‘Regulated' Campus An Option For Phs


Payson High School administrators are considering a regulated campus rather than a closed campus, they reported to the school board Monday evening.

PHS principal Phil Gille and assistant principal Dan Maher based their recommendation on several factors, including cost, scheduling issues, and their own personal observation of student behavior within several blocks of the campus.

"I don't like the word ‘closed,'" Maher told the board. "I just hate the word, so we talked about having a regulated campus."

As explained to the board, students who demonstrate that they are responsible would be allowed to leave campus for lunch.

"What that means is that it would be a true Renaissance program, with students earning their way off campus," Maher said. "In other words, ‘I'm a good student. I don't have any tardies. I'm never absent. I work hard. Why should I have to stay on your campus for lunch.' Maybe you don't. Maybe we can let you go because you're a responsible student.

"On the other hand, I have somebody with five tardies, 14 absences. They have truancy problems. They have discipline problems. The campus is closed to (them)."

One problem with a regulated campus, Maher said, is that the campus still has to be physically secured. In the report he presented to be board, Gille estimated that fencing off the campus with the exception of the McLane Road side would cost $20,000, and three security guards would cost an additional $65,000.

Another issue Gille raised was the burden of extra teacher duties.

"Even with three security guards, it would be necessary to increase teacher duties because of the size of our campus and the number of parking lots," he said. "The duty schedule at the high school is (already) fairly heavy, and it's a real negative to be on duty because you're out there with students you don't know and when you address them, they're kind of wise mouths."

Because of the school's small cafeteria, the report also recommended a schedule with two lunch periods, one beginning at 11:15 a.m., and a second beginning at 12:15 p.m. Gille said such a schedule would not be popular with students, because they might not be able to eat with their friends.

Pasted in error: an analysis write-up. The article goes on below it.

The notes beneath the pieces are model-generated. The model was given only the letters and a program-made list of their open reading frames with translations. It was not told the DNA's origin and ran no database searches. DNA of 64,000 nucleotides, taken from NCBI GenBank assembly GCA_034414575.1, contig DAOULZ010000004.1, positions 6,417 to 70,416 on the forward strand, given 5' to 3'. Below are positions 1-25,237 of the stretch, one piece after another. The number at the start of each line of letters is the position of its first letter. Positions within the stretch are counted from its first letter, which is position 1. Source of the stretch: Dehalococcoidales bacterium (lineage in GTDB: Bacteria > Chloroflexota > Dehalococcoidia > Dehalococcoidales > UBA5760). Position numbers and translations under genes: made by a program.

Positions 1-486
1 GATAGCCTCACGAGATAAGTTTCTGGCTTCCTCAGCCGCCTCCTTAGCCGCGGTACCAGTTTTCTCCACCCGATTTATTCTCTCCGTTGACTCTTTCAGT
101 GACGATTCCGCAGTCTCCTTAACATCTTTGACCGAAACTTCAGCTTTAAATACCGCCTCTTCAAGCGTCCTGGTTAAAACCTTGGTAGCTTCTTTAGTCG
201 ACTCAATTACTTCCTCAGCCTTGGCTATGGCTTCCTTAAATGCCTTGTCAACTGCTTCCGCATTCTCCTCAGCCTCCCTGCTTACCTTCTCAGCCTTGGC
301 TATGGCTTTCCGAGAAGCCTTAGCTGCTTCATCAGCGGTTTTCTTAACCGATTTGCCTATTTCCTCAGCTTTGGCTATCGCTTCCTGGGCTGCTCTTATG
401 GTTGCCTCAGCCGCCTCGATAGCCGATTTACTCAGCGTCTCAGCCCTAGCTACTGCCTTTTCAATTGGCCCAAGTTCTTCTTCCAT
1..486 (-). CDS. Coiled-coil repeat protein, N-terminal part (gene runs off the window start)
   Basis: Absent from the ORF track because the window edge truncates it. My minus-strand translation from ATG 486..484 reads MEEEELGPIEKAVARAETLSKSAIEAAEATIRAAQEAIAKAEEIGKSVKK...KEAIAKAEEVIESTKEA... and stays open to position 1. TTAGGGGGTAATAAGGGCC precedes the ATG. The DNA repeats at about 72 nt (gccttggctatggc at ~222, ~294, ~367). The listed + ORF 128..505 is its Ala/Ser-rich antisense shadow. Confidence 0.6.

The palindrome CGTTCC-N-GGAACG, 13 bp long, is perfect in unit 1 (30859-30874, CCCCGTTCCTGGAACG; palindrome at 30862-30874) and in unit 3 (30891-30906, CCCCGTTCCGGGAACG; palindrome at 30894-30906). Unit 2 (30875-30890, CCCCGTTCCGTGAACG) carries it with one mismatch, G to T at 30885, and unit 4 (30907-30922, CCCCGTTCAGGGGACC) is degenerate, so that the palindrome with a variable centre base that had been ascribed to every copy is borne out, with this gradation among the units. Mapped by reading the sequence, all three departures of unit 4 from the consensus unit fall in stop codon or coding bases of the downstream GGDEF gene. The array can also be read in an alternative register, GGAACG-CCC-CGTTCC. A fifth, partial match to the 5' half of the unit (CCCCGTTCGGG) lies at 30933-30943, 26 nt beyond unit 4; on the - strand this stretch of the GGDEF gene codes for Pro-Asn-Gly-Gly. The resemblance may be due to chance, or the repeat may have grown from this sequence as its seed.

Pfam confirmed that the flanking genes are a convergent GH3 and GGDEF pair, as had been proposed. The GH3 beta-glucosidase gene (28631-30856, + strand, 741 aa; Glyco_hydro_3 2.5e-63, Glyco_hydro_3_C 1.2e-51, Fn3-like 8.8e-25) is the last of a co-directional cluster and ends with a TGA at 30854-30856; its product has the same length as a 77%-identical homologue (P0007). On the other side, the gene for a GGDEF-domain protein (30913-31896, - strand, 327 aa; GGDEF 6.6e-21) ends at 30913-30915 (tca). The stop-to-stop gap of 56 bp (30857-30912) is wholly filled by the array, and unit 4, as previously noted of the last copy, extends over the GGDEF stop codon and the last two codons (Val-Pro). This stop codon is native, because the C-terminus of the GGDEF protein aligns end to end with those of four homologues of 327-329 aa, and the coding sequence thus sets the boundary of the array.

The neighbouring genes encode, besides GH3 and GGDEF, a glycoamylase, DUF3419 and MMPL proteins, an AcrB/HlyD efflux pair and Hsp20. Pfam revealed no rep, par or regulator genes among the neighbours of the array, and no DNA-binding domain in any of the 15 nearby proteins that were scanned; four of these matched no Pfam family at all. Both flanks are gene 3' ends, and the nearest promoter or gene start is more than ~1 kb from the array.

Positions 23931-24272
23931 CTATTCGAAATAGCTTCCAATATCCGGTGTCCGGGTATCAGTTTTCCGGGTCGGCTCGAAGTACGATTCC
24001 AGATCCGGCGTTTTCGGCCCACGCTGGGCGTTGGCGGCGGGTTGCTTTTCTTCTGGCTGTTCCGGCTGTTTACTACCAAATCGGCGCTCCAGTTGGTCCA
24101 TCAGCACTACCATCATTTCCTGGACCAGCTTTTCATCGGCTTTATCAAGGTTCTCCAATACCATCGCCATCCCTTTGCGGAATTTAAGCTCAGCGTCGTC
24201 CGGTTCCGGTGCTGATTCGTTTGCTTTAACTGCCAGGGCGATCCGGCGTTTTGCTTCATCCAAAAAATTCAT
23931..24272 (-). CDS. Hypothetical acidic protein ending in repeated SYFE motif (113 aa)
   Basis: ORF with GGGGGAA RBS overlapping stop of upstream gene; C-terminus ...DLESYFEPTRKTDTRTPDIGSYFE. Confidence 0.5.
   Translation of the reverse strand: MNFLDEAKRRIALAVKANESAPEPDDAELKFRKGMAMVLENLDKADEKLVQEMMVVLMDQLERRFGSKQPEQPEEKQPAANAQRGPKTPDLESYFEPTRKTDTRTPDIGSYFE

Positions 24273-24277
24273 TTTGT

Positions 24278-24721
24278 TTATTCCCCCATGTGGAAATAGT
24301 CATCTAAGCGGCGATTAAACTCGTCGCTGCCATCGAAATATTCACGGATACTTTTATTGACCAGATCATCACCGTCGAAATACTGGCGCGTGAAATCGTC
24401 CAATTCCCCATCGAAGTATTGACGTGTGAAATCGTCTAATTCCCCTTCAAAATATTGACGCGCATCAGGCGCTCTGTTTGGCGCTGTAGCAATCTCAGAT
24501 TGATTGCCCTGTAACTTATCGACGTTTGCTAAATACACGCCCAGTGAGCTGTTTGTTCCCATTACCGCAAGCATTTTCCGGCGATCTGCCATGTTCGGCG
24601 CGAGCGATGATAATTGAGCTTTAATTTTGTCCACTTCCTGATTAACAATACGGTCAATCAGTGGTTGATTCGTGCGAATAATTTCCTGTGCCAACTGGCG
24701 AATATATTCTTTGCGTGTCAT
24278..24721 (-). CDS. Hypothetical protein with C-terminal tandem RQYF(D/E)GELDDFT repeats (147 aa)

Board president Viki Holmes introduced the closed campus discussion with a disclaimer.

"It was not our intention to close the high school campus tomorrow, in full or in part," Holmes said. "We were asking for your recommendation to address concerns we had, both as board members and parents ourselves and hearing it from our constituents."

Holmes said the board was concerned with three things: the absent and tardy rate following lunch, smoking and other substance abuse, and keeping visitors who don't belong off the campus.

At the Jan. 13 board meeting, board members Eileen Daniels and Carol Marchak told Gille they had been observing student behavior during the lunch hour and that something needed to be done. Gille was instructed to come back to the board with a recommendation.

Between the previous meeting and this one, Gille, Maher and assistant principal Dave Bradley split up the school day and patrolled a three- to four-block radius around the high school looking for the problems described by Daniels and Marchak.

"I found nobody smoking," Gille said. "I was looking for anything inappropriate within three blocks of the school and I couldn't find anything."

Maher jokingly described the only misbehavior he encountered.

"I drove into Woody's about 1 p.m.," he said. "The bell had probably just rung or it was two minutes til. I saw two young ladies come out of Woody's. They had bought a soda pop and chips and were headed back to school. That's about the worst thing I came up with during lunch."

Maher said Bradley also found slim pickings.

"I drove around in the morning a couple of times, ran into Mr. Bradley driving the other way," he said. "We waved at each other."

With the extra cost of securing the campus and the administrators' inability to find students misbehaving, Gille said his inclination is to maintain the status quo.

"I haven't seen enough in tight times in my personal opinion to justify that kind of an expenditure," he said. "When the state's tightening up on its budget, it would be pretty hard to justify."

In the end, the board opted to study the report in more detail at a work-study session scheduled for Monday, March 24, at 5:30 p.m.

The meeting, which will include some students and parents, will be open to the public.

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